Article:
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Divorce For Georgia Seniors Or “Gray Divorces”


Statistics from the Pew Research Center show that while the overall divorce rate has declined over the past 20 years, it has almost doubled for the segment of the population over age 50 in the past three decades. Many of the reasons that a couple over the age of 50 might seek a divorce are the same as they are for younger couples – the spouses may simply have grown apart, or there may have been infidelity or other wrongdoing. There are other factors specific to couples over 50 that help explain this trend.  For example, many people hold off on divorcing until they feel financially stable enough to do so. This tends to occur more frequently with women. Moreover, a shift may be occurring within this age group — women between the ages of 40 to 69 now initiate a divorce approximately 66 percent of the time, which may indicate that women in this age range are currently feeling more financially independent. Additionally, couples with children may decide to postpone a divorce until after their children are grown. One or both spouses aren’t happy in the marriage, but they choose not to divorce until their children are raised. At the same time, some couples discover that after their adult children leave the family home, they no longer share the same interest and goals and their marriage is no longer strong enough to survive. For some couples, the dramatic change in lifestyle at retirement can negatively affect the marriage. Some retired couples find that the increase in time spent together is not a source of happiness, or that personal interests in retirement are no longer compatible.

Not The Same Over 50

Regardless of the reason or reasons leading to the divorce, the effects matter more than the reasons – divorce will affect those over 50 differently than it will affect those in their 20s and 30s, with positives and negatives happening for both age groups.

One of the most common differences between divorcing at 30 and divorcing at 60, for example, is that estate planning is usually a much more immediate concern for those divorcing later in life than it is for younger couples.  This is compounded by the reality of fixed incomes. Younger people have more time and ability to find new employment if necessary and to rebuild from the financial effects of dividing assets and debts following a divorce. However, between ageism in the workplace (approximately 20 percent of those surveyed by the American Association of Retired People [AARP] stated that they had been turned down for employment due to age) and previous financial obligations, older divorced workers can have a difficult time making ends meet unless a reasonable and fair asset distribution comes out of the divorce decree or settlement agreement.

Other Issues Unique to Gray Divorces

Social Security

In some cases, a spouse is entitled to benefits based on his/her spouse’s social security, depending on the duration of the marriage and each spouse’s income. However, a subsequent remarriage will stop any spousal social security benefits.


Divorcing when you’re closer to retirement can result in a less comfortable retirement than originally planned for by each spouse after the marital estate is divided. You may find that you need to access your retirement funds early. You may need to prepare to make decisions about delaying retirement, increasing your retirement savings, or retiring with a different lifestyle than you had originally planned.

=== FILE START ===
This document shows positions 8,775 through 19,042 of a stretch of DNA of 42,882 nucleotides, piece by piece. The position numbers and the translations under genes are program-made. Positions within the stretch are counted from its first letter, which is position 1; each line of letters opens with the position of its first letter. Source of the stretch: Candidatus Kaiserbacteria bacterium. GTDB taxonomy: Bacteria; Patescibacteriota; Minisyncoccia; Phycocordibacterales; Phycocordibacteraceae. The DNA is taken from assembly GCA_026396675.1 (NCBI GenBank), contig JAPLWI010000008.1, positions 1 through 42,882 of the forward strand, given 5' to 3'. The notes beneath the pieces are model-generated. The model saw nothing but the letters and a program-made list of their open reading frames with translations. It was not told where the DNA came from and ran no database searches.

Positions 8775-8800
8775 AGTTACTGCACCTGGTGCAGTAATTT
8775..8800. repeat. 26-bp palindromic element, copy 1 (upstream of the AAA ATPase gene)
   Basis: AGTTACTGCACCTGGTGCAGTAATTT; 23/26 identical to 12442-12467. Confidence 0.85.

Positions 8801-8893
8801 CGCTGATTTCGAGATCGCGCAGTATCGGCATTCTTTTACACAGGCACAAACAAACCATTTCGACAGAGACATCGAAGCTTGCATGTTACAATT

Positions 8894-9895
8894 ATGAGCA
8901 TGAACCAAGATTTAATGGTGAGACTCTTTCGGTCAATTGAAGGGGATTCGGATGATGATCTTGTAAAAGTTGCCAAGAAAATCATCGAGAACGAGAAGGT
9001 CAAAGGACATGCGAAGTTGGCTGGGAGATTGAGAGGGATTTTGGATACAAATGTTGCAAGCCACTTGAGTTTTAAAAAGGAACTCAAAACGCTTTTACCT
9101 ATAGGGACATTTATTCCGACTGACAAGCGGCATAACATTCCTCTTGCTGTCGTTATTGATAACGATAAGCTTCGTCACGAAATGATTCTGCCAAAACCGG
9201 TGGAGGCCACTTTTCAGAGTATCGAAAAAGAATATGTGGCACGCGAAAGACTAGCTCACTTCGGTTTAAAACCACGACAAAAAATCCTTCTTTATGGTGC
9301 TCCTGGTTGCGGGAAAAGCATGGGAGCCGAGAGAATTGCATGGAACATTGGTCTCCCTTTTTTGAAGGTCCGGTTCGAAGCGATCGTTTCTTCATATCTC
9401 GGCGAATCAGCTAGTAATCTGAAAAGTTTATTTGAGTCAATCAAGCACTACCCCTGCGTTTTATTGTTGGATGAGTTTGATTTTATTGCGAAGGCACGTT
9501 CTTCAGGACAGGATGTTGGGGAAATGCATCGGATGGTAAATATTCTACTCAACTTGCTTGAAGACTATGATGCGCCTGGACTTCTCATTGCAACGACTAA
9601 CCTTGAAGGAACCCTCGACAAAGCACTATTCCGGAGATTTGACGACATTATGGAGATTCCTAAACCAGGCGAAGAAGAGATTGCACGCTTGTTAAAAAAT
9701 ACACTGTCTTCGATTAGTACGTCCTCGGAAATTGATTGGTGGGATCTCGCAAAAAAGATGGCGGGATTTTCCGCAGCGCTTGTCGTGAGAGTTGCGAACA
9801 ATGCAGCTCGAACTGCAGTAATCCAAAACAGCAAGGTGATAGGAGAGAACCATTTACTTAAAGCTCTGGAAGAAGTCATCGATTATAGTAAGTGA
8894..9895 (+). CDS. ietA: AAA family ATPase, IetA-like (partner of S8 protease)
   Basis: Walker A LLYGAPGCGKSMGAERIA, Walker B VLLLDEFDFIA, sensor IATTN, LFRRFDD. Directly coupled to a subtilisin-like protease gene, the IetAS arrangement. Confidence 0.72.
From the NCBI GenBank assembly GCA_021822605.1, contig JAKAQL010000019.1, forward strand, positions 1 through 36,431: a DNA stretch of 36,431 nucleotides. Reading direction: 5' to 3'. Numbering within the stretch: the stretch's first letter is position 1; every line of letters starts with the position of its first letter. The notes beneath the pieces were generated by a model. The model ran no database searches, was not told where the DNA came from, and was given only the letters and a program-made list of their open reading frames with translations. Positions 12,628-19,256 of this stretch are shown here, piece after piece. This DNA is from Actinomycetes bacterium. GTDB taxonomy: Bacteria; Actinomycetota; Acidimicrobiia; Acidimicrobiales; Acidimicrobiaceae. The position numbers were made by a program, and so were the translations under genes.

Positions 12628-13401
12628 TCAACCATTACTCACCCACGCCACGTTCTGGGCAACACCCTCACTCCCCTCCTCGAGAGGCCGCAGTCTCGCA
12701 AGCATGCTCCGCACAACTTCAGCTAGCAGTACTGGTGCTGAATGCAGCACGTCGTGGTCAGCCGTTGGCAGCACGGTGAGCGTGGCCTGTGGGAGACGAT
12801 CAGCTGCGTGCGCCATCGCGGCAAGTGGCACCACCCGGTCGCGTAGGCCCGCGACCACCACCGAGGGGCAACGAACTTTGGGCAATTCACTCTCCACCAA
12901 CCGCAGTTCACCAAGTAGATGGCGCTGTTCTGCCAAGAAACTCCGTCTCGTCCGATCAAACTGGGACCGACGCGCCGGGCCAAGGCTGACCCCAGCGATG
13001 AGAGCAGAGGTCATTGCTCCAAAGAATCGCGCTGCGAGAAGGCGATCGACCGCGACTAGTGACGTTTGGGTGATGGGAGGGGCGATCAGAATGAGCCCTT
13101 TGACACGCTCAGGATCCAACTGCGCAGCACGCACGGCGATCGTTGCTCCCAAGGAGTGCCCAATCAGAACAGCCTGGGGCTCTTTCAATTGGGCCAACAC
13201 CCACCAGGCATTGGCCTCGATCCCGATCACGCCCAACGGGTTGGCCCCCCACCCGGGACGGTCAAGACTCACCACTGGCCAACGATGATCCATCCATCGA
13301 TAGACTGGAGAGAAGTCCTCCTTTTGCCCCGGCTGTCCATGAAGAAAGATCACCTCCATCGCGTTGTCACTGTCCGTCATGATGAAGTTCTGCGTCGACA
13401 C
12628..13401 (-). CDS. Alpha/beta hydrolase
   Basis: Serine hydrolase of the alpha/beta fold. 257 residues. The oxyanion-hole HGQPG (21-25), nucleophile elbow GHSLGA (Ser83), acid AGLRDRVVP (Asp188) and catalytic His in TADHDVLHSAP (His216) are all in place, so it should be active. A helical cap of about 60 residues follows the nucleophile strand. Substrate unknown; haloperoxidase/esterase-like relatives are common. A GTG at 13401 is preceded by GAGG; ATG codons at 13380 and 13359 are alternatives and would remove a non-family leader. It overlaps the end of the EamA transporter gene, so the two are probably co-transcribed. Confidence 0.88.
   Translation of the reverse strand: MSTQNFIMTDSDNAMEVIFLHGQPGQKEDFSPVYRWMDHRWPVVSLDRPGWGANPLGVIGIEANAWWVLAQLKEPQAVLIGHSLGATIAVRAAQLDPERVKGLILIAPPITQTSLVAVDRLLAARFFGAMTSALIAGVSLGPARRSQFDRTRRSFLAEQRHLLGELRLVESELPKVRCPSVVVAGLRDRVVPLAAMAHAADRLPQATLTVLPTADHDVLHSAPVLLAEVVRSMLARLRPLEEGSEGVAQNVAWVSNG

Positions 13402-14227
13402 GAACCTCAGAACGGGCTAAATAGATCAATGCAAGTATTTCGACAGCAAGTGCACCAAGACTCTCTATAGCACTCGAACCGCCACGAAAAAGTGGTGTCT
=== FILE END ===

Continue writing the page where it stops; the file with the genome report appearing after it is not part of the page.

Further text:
Income And Spousal Support

When a marriage ends, especially a long-term marriage, there are many issues surrounding income. How will each spouse maintain an income stream? Will it require rejoining the workforce, paying or receiving spousal support (alimony), or splitting a fixed income if you’re retired?

Division Of Assets

Divorces later in life often involve more significant assets. The division of property, both marital property and separate property, will be subject to several considerations, including how close each person is to retirement, the length of the marriage, the ability to obtain or maintain gainful employment, and more.


In a gray divorce, it is critical to address both health and life insurance issues. This includes each person’s ability to afford health insurance. To be able to remain on a spouse’s employer provided health insurance plan, a legal separation instead of divorce is a possibility to be discussed.


As people get older, there is an increased chance that competency may be an issue affecting that person’s ability to represent their own best interests. In such a situation, an attorney or the court may wish to have competency proved or  take other measures, such as appointing a Guardian ad Litem, to protect the rights of a party who is found not competent.

Long-Term Considerations

Issues surrounding getting older, such as facing the prospect of long-term care and preparing for one’s final wishes, often need to be considered in a gray divorce. Updating your estate plan both during and after the divorce is advised, as well as planning for the provisions and costs of long-term medical care, should it be required.

Contact An Atlanta Divorce Attorney

More and more people, especially women, are finding it easier to divorce their partners even at an advanced age, seeking more freedom. However, there are questions that can come along with that life change, and calling an experienced Atlanta divorce attorney to try and get them answered is an important step. Buckhead Family Law has experience handling divorces for couples of all ages, and will know the right questions to ask and answer. Contact us today to schedule an initial consultation.



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